Happy new year, everyone! I hope your 2015 turns out to be even better than your 2014. Rather than engage in a Facecrack-style review of ‘my’ 2014—boy, didn’t that one get old quick?—I thought I’d celebrate with a review of the reviews of my book Leaves of Glass. To sum up, despite the fact that 2014 was the first year since 1998 in which I did not have a single poem published, it was nonetheless a great year because five people reviewed my book. And the good news is that they all liked it. Honestly!
I hadn’t intended to publish Dead Poem Office in 2007 at all. The chapbook’s title was a tongue-in-cheek reference to REM’s Dead Letter Office (1987), an album of ‘b-sides compiled’. The idea was to collect together a chapbook’s worth of poems that had been published previously in journals, but that had not made the cut for We Will Disappear. The first edition appeared on Scribd in 2007, and in 2012 I published an expanded version. Take a look for yourself.
Yes, in the words of Jersey-based pop band Real Estate, ‘It’s real!’
Seven years in the making.
Trans-continental in its composition.
Green as a blade of grass in its wrapping.
Leaves of Glass is real.
‘But what’s it all about …’ I hear you whisper.
Well, as I’ve explained here and here and here, Leaves of Glass is a book of poems (47 in all) based on actual correspondence between American ‘Dead Poets Society’-inspiration Walt Whitman (W.W.) and Aussie no-hoper poet Bernard O’Dowd (B.O’D.). These two cats wrote letters to each other in the 1890s in which they poured their hearts out to each other and generally raved on.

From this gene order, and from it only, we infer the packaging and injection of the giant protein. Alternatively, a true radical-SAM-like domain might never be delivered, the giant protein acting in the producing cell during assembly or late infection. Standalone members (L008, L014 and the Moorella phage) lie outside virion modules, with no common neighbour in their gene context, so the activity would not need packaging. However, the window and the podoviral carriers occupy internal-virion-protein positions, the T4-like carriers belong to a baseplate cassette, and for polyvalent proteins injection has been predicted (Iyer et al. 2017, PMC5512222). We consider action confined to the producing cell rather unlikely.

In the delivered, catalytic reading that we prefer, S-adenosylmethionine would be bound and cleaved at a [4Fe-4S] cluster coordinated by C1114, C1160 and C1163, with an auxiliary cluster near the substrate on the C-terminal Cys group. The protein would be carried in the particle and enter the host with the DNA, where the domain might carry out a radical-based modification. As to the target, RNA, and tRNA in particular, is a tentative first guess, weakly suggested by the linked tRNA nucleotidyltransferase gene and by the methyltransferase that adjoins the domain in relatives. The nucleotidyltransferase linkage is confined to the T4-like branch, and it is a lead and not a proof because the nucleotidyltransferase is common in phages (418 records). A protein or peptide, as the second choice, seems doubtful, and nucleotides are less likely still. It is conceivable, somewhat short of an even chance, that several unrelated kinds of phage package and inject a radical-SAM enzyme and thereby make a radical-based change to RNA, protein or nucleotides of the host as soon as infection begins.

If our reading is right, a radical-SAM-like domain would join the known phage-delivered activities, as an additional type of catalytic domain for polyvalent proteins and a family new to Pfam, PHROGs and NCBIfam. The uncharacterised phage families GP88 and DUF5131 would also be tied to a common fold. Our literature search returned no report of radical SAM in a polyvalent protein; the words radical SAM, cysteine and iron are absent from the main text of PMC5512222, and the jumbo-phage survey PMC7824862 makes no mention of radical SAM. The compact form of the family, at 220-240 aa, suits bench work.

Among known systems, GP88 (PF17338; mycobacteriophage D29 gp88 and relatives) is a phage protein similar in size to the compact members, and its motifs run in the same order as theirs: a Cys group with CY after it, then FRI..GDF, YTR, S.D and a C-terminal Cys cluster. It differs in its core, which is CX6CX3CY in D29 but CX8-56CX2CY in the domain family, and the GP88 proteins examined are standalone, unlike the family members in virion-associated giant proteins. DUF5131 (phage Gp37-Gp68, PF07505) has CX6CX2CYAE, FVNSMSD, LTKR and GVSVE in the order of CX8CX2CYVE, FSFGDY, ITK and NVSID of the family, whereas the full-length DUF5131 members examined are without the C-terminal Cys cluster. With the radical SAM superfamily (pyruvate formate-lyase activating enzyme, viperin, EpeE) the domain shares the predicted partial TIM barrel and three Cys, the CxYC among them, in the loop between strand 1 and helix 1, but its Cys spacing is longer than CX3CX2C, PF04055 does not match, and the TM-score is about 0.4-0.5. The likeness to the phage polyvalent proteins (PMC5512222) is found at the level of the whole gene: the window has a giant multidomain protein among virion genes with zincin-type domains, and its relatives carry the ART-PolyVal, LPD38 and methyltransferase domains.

In fact, to be honest, most of the outpouring and ranting was on the part of B.O’D. For his part, W.W. seems to have enjoyed the attention, and wrote back to B.O’D with a sort of ‘I’m amused but only in a flattered way’ tone, as if he’d known him his whole life. Between them, W.W. and B.O’D. racked up at least twenty letters, although it’s apparent that many of the letters are missing.
All of which possibly does little to explain why I became so fascinated by this weird ‘roaring days’ correspondence. Call me old-fashioned, call me what you will — I guess I just found the whole thing kind of funny and sad at the same time: funny because B.O’D. was so obviously besotted with his ‘revered master’, but sad because the two of them were unlucky enough to have been writing a century too early to benefit from the Internet and email.
Anyway, my book – called Leaves of Glass in homage to Whitman’s Leaves of Grass – takes the correspondence as its cue and features poems about both B.O’D. and W.W. as well as re-writes (cover versions) of their works. It’s published by Puncher and Wattmann and is available via the P&W website and in all good (read: about two) bookstores. Or, if you’d like a signed copy, send me a message.
The first ‘launch’ of the book took place at Bella Union bar, Trades Hall, Melbourne on 1 December. The second will take place at Balmain Town Hall on 14 December. Information about both events can be found here. You can also sign up to attend the Sydney event via the Facebook event page.
I’m really glad to announce that my second full-length poetry collection, Leaves of Glass, will soon be released by smokin’ Sydney-based publisher Puncher and Wattmann. Long-term readers of this site would know that said collection has taken a few years to finalise but the wait has surely been worth it.
The book, which was inspired by actual correspondence between Walt Whitman and Australian poet Bernard O’Dowd, and which features re-imaginings of both poets’ works, will be available at two P&W events in Melbourne and Sydney in December 2013 – that’s less than two months from now!
I’m also happy to say that I’ll be in attendance at these shindigs in order to read some poemz, sign autographs and mainline champagne. I’ll post more details soon but I’m looking forward to catching up with loverz of all things Whitman, O’Dowd and Oz-po.
In the meantime, here’s a teaser: ‘O Kitteh! Meh Kitteh!’, a LOLCats transliteration of Whitman’s ‘O Captain! My Captain!’ that may or may not appear in the book.
Heh, heh. Well, not really. But in the spirit of Spike Milligan, one could say that the last six months, during which I’ve been working at the Stockholm International Peace Research Institute (SIPRI) as an editor, have well and truly opened my eyes to what’s goin’ ahn in this crazy, mixed up world.